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SBJ/June 23 - 29, 2003/This Weeks Issue
Broad control of category helps sway Citizens
Published June 23, 2003
Editor's note: This story is revised from the print edition.
Rendering of the Phillies’ new Citizens Bank Park, scheduled to open in April
Citizens Bank officials were attracted to the extensive exclusivity in the financial services category and the use of Philadelphia Phillies-controlled media services in signing a 25-year, $95 million deal for naming rights to the team's new ballpark.
The total dollar figure is tops among the four Major League Baseball franchises with banks as their venue naming-rights sponsor and second in the bigs only to the 28-year, $170 million contract at Minute Maid Park in Houston.
Mike Reisman of Velocity Sports & Entertainment, representing Citizens Bank, and Jeff Knapple of Envision, working on behalf of the Phillies, brokered the deal.
The $458 million Citizens Bank Park will open in April, across the street from new Lincoln Financial Field (Eagles) and near First Union Center (Flyers, Sixers), soon to be changed to Wachovia Center after First Union Bank merged with Wachovia and took the Wachovia name.
The media portion of the deal is worth $37.5 million over the next quarter-century. Citizens Bank will be the only financial services advertiser during Phillies games on Comcast and UPN telecasts and WPEN-AM broadcasts.
Citizens Bank, owned by Royal Bank of Scotland, the fifth-largest financial entity in the world, started two years ago with a basic sponsorship as the team's official bank, providing giveaways like the Phillie Phanatic piggy bank.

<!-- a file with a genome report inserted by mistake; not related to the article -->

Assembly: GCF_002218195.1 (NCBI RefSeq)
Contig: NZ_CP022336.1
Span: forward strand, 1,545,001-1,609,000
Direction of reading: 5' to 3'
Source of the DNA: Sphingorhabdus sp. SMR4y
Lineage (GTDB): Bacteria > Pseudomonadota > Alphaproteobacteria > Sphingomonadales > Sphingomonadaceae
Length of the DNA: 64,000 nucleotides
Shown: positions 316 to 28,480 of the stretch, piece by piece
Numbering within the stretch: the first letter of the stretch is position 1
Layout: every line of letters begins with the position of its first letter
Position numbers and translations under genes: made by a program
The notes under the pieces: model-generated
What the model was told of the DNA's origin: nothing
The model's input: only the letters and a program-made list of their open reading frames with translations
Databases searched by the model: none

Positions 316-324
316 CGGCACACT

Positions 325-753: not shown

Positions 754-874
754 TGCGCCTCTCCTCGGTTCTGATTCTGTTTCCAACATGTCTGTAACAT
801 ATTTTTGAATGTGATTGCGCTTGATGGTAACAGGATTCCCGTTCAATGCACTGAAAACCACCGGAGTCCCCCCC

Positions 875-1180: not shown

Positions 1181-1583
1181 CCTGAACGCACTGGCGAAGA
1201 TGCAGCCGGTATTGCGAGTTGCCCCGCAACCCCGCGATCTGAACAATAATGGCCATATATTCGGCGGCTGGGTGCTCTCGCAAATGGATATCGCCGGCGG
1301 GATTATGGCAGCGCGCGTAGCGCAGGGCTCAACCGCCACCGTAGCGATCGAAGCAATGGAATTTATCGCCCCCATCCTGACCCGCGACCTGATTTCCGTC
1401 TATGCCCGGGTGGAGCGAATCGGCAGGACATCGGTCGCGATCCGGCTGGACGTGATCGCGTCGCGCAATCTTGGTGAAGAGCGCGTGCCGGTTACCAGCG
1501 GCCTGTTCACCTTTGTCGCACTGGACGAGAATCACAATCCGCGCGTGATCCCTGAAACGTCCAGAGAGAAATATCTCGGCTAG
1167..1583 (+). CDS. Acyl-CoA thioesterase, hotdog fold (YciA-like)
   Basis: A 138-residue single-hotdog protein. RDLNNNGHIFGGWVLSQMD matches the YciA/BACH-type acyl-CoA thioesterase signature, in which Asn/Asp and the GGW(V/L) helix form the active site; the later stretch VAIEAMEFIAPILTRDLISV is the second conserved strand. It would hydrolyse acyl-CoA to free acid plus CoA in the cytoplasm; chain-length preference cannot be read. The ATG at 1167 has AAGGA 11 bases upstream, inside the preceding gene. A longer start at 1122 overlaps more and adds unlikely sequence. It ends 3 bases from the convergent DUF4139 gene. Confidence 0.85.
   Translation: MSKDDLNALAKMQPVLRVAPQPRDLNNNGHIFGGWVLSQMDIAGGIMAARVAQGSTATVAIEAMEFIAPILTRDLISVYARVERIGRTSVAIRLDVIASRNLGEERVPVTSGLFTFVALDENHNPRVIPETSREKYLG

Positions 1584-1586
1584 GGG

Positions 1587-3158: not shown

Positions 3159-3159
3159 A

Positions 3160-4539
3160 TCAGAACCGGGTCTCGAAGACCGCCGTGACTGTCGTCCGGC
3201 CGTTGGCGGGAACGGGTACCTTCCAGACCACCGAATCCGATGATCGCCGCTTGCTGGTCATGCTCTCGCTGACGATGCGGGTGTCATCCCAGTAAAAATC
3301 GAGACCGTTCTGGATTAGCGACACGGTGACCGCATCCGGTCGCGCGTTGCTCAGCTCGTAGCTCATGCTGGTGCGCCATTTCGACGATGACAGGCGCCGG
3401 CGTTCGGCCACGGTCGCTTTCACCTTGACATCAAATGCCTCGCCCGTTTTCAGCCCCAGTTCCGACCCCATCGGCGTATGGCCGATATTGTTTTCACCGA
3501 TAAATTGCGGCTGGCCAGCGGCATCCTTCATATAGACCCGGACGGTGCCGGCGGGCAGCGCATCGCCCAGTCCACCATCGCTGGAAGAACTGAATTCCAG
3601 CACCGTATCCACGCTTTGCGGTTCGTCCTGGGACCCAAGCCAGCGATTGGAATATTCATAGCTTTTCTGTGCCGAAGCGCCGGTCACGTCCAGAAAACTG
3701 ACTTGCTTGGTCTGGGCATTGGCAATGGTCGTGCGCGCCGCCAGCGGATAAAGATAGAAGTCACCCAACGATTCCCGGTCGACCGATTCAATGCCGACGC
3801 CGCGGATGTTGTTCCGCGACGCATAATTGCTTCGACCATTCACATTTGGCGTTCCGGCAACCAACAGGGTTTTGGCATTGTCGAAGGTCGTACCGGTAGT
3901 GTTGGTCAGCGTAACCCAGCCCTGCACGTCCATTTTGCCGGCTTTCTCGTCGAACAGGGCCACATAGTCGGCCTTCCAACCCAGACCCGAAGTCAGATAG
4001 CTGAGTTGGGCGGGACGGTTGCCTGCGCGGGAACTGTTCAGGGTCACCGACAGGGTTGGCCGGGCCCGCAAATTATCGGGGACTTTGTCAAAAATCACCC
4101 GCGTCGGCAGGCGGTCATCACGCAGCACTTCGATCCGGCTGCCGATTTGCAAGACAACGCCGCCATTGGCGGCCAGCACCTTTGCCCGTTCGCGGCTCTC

Now, in addition to having its name all over the ballpark, including a giant neon replica of the Liberty Bell, Citizens has exclusives on retail, small business and commercial banking, mortgage lending and debit cards and first option on credit cards should team partner First USA (MasterCard) opt out.
"It was clear from my perspective that this was a unique opportunity," said Hal Tolvin, executive VP of Citizens Financial Group. He worked for Shawmut Bank when negotiating arena naming rights in 1994 for Boston's Shawmut Center, which quickly became the FleetCenter after one bank acquired the other.
"The Phillies control the stadium, team and media. What I sensed right away is that the Phillies were interested in a long-term partner rather than having someone just write a check and move on," Tolvin said.
Citizens Bank fits that role, as it strives to stay "top of mind," in Tolvin's words, by continuing to expand its reach in Philadelphia after purchasing Mellon Bank for $2.1 billion in 2001.
"We've acquired 20 banks in 10 years and aim to be a very significant player in the Philadelphia market. We're not No. 1 but intend to be," he said.
Wachovia/First Union is the market leader in FDIC-insured deposits. Citizens Bank and PNC are close behind.
Dave Buck, Phillies VP of advertising sales, said: "There is tremendous value for Citizens Bank because we control all radio and TV, which few teams do. We made that loud and clear from the beginning that they would not have to go elsewhere" for media buys.
What was also loud and clear but unspoken at the time was that other financial institutions were interested in title sponsorship, which Buck confirmed without disclosing names. Citizens Bank and the Phillies started serious discussions in February.
"There were a couple other banks in the mix as well, which may have spurred the deal on because there were competitors involved. That helps [expedite] the process," said Front Row Marketing's Dick Sherwood, a Philadelphia-based naming-rights consultant.